How Taking Drugs Can Affect your Sexuality
Drugs and sex form an explosive mixture wherever you look. Taking drugs not only ruin your health but also causes mental depressions which lead to many kinds of relationship problems like breakups and divorces. “The apparent and initial ‘erotic benefits’ of drugs hide a dramatic end to the erotic. Drugs, besides, do not improve the capacity for seduction, nor the relationship between the sexes, but rather deteriorate it. The balance between benefit and risk is devastating for the erotic and the art of loving people, “says Santiago Frago, medical director of the Institute of Sexology and Psychotherapy Amaltea, in Zaragoza.
“The knowledge we have about the effects of drugs on sexuality are, unfortunately, very scarce and disparate; in the same way that it is difficult to separate the chemical effects from the psychological ones. The fact is that there are no general sexual effects of drugs, but particular ones derived from the singularity and personality of individuals and the impact of them in the short, medium or long term, “says the specialist in Sexology.
According to Frago, the type of consumption constitutes a pivotal variable to evaluate the effect of drugs on sexual response. “Incidental use is not the same as intermittent, occasional, frequent, or compulsive consumption. The worrying thing about drugs is not so much the physical and psychological addiction that they bring, but the compulsive personalities whose behaviors force certain people to do something that goes against their interests and that they can not avoid doing it; without forgetting the tendency to polydrug use”.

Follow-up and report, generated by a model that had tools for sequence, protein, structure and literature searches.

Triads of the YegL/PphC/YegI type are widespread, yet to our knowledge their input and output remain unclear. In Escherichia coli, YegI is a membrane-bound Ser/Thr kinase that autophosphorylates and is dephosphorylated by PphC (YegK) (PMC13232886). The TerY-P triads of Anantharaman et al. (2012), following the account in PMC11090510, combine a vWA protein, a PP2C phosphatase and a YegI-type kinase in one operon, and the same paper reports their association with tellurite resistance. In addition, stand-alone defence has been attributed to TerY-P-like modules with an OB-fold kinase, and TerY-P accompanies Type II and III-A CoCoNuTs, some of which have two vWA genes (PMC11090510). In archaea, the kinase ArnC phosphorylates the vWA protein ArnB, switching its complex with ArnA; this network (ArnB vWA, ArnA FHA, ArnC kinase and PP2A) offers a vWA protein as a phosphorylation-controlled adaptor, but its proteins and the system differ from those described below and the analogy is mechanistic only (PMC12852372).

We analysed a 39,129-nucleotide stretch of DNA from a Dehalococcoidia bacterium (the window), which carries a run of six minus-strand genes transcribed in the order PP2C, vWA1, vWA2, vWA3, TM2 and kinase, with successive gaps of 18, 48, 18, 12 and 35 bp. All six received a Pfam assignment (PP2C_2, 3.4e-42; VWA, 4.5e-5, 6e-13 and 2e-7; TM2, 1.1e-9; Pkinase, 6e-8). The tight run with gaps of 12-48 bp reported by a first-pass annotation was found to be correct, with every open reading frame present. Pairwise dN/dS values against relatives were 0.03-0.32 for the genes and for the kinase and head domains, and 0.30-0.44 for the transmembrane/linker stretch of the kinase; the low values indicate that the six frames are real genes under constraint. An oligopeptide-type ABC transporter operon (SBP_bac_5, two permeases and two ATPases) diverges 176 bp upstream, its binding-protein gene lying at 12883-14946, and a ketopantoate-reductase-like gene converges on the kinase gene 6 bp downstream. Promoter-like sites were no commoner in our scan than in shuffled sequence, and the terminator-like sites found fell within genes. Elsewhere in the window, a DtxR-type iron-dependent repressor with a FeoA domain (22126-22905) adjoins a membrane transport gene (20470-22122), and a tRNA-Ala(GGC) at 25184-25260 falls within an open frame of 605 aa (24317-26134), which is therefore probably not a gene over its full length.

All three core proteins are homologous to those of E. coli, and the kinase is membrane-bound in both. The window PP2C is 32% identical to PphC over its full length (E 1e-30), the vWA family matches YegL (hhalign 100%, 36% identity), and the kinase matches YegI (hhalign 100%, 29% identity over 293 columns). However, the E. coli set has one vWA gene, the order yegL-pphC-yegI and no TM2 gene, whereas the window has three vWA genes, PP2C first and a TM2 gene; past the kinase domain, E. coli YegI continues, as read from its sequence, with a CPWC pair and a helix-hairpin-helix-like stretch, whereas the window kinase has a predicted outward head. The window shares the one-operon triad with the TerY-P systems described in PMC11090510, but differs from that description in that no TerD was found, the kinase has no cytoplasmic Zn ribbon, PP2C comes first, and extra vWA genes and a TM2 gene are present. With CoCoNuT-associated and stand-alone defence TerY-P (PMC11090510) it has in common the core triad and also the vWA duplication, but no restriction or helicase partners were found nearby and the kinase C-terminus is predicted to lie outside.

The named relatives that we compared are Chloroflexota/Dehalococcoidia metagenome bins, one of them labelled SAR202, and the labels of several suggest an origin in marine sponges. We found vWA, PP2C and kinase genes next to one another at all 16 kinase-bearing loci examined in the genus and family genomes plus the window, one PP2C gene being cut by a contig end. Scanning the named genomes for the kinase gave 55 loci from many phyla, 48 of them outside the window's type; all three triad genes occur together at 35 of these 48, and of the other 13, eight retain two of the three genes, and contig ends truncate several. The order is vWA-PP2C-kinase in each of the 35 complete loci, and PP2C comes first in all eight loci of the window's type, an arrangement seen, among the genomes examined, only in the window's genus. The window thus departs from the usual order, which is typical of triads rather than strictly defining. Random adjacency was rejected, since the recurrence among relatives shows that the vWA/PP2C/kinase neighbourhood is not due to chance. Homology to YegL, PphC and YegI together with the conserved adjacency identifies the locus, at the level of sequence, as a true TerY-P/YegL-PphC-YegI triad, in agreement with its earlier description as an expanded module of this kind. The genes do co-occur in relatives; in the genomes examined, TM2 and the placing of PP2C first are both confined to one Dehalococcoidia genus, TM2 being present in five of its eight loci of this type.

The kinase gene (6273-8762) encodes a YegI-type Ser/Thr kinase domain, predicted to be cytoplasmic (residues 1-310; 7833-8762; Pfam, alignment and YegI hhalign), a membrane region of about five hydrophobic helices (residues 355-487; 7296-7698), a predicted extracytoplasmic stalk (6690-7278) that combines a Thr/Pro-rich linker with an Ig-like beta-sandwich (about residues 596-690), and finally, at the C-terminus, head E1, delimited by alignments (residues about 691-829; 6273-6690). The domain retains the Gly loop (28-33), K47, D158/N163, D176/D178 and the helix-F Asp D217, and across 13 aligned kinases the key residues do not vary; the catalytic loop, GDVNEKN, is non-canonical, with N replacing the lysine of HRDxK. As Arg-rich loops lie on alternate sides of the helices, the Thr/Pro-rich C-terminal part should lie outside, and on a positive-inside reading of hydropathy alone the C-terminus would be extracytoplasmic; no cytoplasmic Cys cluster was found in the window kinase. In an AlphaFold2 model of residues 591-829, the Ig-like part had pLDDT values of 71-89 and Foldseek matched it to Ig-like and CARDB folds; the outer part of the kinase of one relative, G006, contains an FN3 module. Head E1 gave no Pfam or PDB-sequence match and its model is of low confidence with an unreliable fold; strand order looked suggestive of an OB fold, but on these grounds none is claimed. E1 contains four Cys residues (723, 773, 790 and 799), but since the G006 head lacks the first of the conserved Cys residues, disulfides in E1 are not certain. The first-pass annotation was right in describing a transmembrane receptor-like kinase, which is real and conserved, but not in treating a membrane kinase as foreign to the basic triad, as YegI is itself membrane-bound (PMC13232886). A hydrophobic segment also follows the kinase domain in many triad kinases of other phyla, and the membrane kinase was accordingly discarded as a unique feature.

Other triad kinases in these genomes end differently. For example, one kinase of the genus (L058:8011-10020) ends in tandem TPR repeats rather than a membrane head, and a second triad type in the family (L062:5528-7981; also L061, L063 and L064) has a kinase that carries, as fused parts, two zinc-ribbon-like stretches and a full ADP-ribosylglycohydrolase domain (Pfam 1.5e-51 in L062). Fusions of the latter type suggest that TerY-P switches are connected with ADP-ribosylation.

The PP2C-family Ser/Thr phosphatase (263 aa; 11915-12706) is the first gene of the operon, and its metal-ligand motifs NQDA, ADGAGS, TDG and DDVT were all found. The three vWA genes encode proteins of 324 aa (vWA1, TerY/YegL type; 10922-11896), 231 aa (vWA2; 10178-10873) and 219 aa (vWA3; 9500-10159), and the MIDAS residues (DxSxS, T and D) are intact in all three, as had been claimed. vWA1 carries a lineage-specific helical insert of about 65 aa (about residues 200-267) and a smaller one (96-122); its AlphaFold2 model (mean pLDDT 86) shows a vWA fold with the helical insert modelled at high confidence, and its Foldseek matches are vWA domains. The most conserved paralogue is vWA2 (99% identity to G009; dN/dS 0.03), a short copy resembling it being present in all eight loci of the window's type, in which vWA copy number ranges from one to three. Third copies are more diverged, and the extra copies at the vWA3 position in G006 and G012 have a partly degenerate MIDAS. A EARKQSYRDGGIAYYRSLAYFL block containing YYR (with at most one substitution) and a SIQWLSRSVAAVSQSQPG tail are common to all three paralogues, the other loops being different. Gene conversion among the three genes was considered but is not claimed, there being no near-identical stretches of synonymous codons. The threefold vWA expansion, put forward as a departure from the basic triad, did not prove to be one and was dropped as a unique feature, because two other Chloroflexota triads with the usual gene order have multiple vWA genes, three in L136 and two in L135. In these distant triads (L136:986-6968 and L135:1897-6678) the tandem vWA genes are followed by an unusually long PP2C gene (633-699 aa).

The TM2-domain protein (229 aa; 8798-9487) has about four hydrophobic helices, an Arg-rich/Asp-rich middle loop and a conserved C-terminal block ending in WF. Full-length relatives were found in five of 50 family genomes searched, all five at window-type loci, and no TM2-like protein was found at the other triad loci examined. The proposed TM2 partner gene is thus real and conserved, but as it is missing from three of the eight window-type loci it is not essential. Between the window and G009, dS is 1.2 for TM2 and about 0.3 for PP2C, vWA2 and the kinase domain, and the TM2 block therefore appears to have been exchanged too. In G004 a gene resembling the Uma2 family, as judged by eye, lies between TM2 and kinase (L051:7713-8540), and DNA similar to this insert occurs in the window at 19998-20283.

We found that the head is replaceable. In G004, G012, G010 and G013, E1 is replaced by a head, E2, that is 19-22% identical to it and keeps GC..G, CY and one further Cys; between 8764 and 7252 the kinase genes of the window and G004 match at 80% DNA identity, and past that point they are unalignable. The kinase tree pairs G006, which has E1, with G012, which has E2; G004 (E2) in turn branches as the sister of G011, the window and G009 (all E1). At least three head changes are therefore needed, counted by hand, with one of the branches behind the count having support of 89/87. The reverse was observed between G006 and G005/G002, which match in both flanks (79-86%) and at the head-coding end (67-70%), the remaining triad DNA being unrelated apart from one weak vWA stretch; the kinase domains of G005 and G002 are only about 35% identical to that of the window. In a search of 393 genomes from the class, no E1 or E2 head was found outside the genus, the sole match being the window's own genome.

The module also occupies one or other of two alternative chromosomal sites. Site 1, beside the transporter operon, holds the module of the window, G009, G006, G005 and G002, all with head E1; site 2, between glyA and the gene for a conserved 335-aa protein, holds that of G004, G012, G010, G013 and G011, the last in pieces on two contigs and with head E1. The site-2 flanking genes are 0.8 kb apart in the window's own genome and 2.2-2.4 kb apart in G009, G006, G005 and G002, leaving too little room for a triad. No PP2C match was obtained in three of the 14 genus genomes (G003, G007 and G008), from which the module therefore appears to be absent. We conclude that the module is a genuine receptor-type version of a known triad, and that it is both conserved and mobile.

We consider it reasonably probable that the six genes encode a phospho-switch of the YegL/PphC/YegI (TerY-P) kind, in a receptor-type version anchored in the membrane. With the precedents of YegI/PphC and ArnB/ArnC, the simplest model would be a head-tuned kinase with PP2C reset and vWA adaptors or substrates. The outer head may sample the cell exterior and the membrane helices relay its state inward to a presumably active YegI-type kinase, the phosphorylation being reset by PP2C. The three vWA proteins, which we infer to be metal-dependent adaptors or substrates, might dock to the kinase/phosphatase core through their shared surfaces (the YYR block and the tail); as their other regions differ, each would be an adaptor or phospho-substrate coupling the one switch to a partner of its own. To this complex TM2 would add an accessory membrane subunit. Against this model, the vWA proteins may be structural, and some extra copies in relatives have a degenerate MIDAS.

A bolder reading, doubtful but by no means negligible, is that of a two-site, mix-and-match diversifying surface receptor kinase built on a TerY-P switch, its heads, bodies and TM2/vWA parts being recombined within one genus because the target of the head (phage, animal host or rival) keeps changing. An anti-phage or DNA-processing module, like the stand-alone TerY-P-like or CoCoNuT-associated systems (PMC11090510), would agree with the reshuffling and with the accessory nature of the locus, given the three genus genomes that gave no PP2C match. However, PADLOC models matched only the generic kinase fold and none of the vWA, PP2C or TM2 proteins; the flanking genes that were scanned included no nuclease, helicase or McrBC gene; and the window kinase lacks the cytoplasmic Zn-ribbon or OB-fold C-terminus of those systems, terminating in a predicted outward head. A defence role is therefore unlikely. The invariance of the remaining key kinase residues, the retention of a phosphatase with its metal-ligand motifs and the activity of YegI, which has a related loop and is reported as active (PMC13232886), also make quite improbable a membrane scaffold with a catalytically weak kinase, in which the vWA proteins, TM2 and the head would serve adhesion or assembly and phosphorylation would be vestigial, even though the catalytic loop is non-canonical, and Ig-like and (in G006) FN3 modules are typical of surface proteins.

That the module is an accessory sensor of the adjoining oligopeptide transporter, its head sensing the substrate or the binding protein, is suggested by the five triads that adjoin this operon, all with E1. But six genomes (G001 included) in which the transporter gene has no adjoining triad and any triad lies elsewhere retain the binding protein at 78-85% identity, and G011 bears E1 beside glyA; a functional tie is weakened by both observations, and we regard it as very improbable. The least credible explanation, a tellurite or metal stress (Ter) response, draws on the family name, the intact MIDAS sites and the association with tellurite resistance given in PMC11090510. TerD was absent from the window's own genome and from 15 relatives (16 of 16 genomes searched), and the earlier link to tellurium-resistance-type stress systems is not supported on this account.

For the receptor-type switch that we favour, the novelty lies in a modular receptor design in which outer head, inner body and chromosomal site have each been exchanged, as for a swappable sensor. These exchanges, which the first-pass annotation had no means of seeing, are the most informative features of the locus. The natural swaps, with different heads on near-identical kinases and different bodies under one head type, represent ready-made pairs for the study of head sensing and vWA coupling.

Are the effects on sexuality different according to the drugs consumed? “Yes. The fundamental differences are the initial effects (relaxation or euphoria), although, with all substances, disinhibition is facilitated. The current trend is to consume drugs of the second type (euphoric), usually linked to mass sexual practices and with less emotional connection, “says Daniel Anadón Mateo, a psychiatrist at the Clinica Nuestra Señora de La Paz (Madrid), of the Hospitable Order of San Juan de Dios.
Experts then detail what effects drugs have on the sexual response, both male and female :
“It is a myth that alcohol is an aphrodisiac, “says Frago, commenting that “there is an apparent increase in erotic desire after moderate alcohol intake, but the reality is that it hinders female orgasm and precipitates erectile dysfunction in men. Not to mention the couple conflicts that arise after the abusive consumption of alcohol, since it exacerbates suspicious behavior and predisposes to violence.”
In the words of Anadón, “alcohol at low doses has a disinhibiting effect and increases sexual self-esteem. At moderate and high doses, it is already depressant, and in the long term decreases testosterone, growth hormone and estrogen increase”. Providing a bit of history, this expert remembers that “William Masters and Virginia Johnson -one of the first sexologists- already found out in 1983 that deficient concentrations of alcohol have a mild intensifying effect of desire, excitability, and erection, but with the masses in blood corresponding to two or three glasses of liquor erections are slightly suppressed and ejaculation, delayed”.